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I learned recently (in a class based on C#) that it's sometimes considered dangerous to register event listeners in an object's constructor, because those event listeners are given a reference to that object before the object is fully initialized, and could (at least in theory) attempt to access the object before construction is complete.

From what I understand, accessing an object before construction is complete can cause a crash, at least in some languages...if it doesn't cause a crash, then we would only care that the registration occur last, so our object is ready to receive events when we register its listeners.

I'm now starting on a new Swing GUI, and noticed that my standard practice when building Swing GUIs is to wire up the event listeners in the constructor.

It seems unlikely that the event listeners of Swing components would be called before the constructor is complete, as they presumably are not wired up until the component is added to a visible Swing container, which can only happen after construction.

So, is there a real reason to avoid that anti-pattern when working in Swing? And if so, what is the simplest way to go about it?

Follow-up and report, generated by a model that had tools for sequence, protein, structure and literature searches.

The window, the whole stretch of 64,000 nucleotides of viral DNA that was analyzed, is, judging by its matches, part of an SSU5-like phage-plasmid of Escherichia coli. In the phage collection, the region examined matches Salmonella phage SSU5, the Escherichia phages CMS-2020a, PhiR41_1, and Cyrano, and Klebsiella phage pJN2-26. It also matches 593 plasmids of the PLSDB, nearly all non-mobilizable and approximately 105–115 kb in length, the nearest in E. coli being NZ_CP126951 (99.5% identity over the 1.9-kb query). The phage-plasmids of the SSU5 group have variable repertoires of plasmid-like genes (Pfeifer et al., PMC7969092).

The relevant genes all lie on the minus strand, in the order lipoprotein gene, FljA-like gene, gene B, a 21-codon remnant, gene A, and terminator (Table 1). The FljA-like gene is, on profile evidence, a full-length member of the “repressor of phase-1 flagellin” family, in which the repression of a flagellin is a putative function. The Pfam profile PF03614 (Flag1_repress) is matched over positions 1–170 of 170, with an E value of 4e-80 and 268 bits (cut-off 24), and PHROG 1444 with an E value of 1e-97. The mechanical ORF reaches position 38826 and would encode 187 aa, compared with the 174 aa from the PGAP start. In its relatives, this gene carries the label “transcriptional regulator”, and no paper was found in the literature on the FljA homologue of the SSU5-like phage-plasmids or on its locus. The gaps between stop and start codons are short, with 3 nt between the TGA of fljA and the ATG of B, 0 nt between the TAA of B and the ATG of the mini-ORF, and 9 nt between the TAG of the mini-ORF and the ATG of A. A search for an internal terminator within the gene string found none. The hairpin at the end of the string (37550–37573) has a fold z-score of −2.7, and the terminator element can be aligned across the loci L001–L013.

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2 Answers 2

As long as you assign your event listeners in the UI thread than you'll be fine.

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Doesn't that assume that the events will originate from the UI thread? This will often be the case, but is not guaranteed - there may be events from timers and external data sources. –  DNA Feb 7 '12 at 22:41
    
No, but it does assume that the thread that assigns the event listeners will be on the UI thread. –  Paul Nikonowicz Feb 8 '12 at 14:49

Certainly constructors in industry standard Swing programming are often too big and the inheritance unnecessary. So long as you are sensible and don't kick anything off (cause events to be fired) before construction is complete, you should be okay. (And obviously, keep to the AWT EDT.)

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